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$$\lim_{n\to\infty} \dfrac{1^p+2^p+...+n^p}{n^p}-\frac{n}{p+1}\text{ with } p\in\mathbb N$$

I don't really know how to start, I mean... I could try substituting by $\Big(\dfrac{n(n+1)}{2}\Big)^p$ but that would do me anything? Any hints?

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marked as duplicate by Paramanand Singh limits Nov 11 '18 at 15:13

This question has been asked before and already has an answer. If those answers do not fully address your question, please ask a new question.

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HINT

We can use Cesàro-Stolz to

$$(p+1)\frac{1^p+2^p+...+n^p-\frac{n^{p+1}}{p+1}}{(p+1)n^p}$$

to obtain

$$\frac{a_{n+1}-a_n}{b_{n+1}-b_n}=(p+1)\frac{(n+1)^p-\frac{(n+1)^{p+1}}{p+1}+\frac{n^{p+1}}{p+1}}{(p+1)(n+1)^p-(p+1)n^p}=$$

$$\frac{(p+1)(n+1)^p-(n+1)^{p+1}+n^{p+1}}{(p+1)(n+1)^p-(p+1)n^p}$$

and then use the binomial theorem.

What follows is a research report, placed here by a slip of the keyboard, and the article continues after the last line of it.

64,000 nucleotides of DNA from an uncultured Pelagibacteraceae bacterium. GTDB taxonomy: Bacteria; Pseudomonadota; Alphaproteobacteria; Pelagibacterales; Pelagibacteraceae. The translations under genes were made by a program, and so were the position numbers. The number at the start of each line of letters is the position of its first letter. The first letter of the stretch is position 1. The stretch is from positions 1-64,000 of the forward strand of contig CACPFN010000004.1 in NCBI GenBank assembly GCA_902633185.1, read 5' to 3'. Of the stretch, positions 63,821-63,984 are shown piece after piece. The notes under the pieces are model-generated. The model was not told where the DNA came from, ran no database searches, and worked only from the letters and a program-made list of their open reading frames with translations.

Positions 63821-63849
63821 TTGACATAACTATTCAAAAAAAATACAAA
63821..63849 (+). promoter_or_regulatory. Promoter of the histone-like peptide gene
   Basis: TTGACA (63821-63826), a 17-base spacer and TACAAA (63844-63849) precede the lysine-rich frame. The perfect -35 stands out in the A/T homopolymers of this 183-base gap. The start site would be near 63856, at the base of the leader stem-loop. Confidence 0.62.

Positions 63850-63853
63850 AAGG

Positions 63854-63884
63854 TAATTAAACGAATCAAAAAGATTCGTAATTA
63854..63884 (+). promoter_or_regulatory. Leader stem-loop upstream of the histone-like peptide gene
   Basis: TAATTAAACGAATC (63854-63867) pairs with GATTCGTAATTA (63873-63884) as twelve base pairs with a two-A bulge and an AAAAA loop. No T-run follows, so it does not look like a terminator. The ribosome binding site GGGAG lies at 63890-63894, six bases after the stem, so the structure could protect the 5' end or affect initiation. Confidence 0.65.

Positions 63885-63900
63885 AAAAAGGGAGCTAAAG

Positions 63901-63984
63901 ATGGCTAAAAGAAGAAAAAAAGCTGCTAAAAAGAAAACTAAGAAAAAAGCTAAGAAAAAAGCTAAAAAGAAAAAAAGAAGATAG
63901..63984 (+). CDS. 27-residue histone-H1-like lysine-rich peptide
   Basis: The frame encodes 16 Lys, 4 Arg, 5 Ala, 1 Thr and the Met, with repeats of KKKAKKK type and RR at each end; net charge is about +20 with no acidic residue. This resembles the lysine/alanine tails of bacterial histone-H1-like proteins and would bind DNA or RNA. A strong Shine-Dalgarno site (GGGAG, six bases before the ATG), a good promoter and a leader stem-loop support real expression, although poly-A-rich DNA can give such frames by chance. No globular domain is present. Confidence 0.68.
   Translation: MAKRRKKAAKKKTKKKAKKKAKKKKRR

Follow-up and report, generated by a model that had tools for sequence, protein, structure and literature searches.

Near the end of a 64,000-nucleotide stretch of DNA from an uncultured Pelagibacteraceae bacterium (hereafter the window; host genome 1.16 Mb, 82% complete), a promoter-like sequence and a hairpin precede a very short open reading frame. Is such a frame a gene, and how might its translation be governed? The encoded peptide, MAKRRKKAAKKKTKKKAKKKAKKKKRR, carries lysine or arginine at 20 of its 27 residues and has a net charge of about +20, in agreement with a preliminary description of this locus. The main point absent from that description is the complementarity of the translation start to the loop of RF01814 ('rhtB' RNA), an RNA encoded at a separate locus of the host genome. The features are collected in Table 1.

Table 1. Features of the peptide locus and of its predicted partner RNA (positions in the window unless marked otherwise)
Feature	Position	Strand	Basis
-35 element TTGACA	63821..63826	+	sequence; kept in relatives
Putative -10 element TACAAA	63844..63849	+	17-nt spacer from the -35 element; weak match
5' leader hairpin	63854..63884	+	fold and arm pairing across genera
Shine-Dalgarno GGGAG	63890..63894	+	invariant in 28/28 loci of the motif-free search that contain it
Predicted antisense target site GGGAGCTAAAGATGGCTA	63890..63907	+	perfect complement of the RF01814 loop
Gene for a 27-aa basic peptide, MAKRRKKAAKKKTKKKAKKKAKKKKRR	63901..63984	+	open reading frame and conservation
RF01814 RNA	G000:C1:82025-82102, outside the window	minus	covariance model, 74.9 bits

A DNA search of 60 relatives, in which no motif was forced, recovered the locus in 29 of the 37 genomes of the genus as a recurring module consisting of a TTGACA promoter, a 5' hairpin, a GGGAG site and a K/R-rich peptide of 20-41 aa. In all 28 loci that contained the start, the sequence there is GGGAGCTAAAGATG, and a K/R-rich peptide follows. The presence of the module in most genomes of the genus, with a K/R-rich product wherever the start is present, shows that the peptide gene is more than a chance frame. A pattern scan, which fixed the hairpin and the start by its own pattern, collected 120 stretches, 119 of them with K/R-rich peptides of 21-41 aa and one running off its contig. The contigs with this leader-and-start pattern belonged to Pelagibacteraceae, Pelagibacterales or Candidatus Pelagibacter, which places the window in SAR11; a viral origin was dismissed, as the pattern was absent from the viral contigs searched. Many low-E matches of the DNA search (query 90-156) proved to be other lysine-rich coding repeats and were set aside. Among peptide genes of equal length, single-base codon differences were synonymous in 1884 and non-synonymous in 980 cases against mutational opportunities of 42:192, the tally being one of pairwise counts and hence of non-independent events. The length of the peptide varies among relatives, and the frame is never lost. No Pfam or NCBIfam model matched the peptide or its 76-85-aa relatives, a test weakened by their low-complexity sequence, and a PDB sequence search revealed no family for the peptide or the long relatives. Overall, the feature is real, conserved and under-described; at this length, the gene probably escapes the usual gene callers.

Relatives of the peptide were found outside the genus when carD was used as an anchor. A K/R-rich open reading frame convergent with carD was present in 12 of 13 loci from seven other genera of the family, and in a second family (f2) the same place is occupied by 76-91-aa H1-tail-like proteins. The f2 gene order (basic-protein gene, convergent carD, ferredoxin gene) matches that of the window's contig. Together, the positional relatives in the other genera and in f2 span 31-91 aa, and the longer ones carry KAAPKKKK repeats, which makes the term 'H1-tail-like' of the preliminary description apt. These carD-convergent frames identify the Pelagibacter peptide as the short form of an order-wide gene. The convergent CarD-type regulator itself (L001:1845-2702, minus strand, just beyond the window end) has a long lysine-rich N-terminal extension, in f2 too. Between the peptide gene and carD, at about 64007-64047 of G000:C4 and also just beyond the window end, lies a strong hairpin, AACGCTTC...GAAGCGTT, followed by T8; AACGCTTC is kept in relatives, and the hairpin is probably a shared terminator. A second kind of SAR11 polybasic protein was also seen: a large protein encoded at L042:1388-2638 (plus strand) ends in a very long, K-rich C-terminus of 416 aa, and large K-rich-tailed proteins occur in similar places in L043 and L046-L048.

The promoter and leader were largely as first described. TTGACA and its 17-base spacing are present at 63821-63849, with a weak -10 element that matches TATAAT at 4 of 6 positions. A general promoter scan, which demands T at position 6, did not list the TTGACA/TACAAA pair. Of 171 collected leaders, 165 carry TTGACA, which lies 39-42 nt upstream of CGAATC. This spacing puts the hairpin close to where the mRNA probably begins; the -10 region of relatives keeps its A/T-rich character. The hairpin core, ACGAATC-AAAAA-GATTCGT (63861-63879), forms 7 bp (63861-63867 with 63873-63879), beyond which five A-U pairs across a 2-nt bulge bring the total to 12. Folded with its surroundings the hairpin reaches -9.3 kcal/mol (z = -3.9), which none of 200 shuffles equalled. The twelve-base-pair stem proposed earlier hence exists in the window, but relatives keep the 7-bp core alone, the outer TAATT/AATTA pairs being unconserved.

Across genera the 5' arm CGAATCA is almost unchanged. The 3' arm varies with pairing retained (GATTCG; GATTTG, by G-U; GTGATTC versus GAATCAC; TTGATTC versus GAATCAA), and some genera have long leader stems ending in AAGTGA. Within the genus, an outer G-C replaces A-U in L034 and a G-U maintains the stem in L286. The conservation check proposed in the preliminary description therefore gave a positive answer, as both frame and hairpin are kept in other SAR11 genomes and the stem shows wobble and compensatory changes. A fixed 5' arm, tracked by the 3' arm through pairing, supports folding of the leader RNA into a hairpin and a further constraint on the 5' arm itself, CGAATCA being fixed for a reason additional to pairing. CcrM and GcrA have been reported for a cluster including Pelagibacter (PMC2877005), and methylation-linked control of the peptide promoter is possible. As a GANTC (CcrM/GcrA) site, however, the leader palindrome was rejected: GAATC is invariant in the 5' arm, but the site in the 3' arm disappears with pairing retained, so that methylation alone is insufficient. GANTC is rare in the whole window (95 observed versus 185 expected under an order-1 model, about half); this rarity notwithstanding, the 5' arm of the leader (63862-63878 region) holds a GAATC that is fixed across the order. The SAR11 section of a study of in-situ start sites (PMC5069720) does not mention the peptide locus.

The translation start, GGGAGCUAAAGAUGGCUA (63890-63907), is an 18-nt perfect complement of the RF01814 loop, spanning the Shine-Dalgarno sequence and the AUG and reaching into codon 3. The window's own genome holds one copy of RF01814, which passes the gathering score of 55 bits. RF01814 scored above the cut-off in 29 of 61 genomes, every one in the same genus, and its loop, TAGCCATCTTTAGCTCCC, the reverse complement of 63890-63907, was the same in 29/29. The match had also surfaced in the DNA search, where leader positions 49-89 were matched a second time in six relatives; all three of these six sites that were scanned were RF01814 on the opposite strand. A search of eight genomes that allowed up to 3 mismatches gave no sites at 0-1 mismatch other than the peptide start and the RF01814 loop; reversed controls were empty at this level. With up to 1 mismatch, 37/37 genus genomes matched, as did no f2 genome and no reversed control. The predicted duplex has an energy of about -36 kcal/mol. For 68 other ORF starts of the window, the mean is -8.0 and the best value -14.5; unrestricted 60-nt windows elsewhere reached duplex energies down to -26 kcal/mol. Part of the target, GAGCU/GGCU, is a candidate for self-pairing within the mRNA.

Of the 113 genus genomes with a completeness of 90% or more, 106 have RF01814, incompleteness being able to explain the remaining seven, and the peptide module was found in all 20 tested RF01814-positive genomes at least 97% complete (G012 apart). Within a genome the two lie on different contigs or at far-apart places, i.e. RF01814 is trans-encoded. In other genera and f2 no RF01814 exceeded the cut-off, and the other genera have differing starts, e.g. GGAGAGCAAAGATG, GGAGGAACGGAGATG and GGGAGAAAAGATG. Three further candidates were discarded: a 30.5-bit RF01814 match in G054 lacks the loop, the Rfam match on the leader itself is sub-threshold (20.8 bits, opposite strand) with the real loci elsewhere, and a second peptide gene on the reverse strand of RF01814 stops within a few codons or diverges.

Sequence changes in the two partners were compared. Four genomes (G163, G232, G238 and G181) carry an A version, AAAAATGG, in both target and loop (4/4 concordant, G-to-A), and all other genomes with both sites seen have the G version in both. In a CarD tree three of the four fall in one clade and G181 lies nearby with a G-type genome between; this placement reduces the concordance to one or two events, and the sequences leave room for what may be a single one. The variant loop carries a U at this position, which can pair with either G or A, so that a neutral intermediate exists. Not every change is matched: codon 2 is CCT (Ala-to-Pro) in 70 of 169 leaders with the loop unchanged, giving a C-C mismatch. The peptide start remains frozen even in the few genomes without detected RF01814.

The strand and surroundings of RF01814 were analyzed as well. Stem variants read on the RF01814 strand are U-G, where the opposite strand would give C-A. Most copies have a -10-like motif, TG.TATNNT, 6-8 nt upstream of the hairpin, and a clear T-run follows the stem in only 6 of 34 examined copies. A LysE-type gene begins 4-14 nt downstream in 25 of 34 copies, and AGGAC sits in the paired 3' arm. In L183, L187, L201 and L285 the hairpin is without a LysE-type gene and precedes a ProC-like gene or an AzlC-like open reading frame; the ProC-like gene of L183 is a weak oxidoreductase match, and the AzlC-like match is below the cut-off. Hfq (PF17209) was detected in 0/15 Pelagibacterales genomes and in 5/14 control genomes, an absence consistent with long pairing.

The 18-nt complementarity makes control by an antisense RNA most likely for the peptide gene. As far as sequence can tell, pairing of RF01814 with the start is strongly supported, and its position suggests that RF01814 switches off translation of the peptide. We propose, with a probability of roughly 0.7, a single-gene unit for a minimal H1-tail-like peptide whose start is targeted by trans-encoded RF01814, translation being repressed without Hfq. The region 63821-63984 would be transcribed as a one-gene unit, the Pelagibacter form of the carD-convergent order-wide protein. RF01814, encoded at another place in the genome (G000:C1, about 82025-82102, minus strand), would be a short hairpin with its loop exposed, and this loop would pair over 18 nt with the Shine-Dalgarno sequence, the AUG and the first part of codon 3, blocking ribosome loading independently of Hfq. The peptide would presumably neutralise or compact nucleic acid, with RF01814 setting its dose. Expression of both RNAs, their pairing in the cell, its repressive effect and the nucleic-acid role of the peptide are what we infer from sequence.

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  • $\begingroup$ how to use the binomial theorem then? $\endgroup$ – iggykimi Nov 11 '18 at 15:45
  • $\begingroup$ For example in the denominator we can use that $(n+1)^p=n^p+pn^{p-1}+...$ and we have some cancellation, therefore the $p(p+1)n{^p-1}$ term dominates, and so on for others term. $\endgroup$ – gimusi Nov 11 '18 at 16:07
  • $\begingroup$ @iggykimi errata corrige: the dominant term at the denominator is of course $p(p-1)n^{p-1}$. $\endgroup$ – gimusi Nov 11 '18 at 16:15
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If you know generalized harmonic numbers $$\sum_{k=1}^n k^p=H_n^{(-p)}$$ and their asymptotics $$H_n^{(-p)}=n^p \left(\frac{n}{p+1}+\frac{1}{2}+\frac{p}{12 n}+O\left(\frac{1}{n^3}\right)\right)+\zeta (-p)$$ making $$\frac{\sum_{k=1}^n k^p }{n^p }-\frac n {p+1}=\frac{1}{2}+\frac{p}{12 n}+\cdots$$ which shows the limit and how it is approached.

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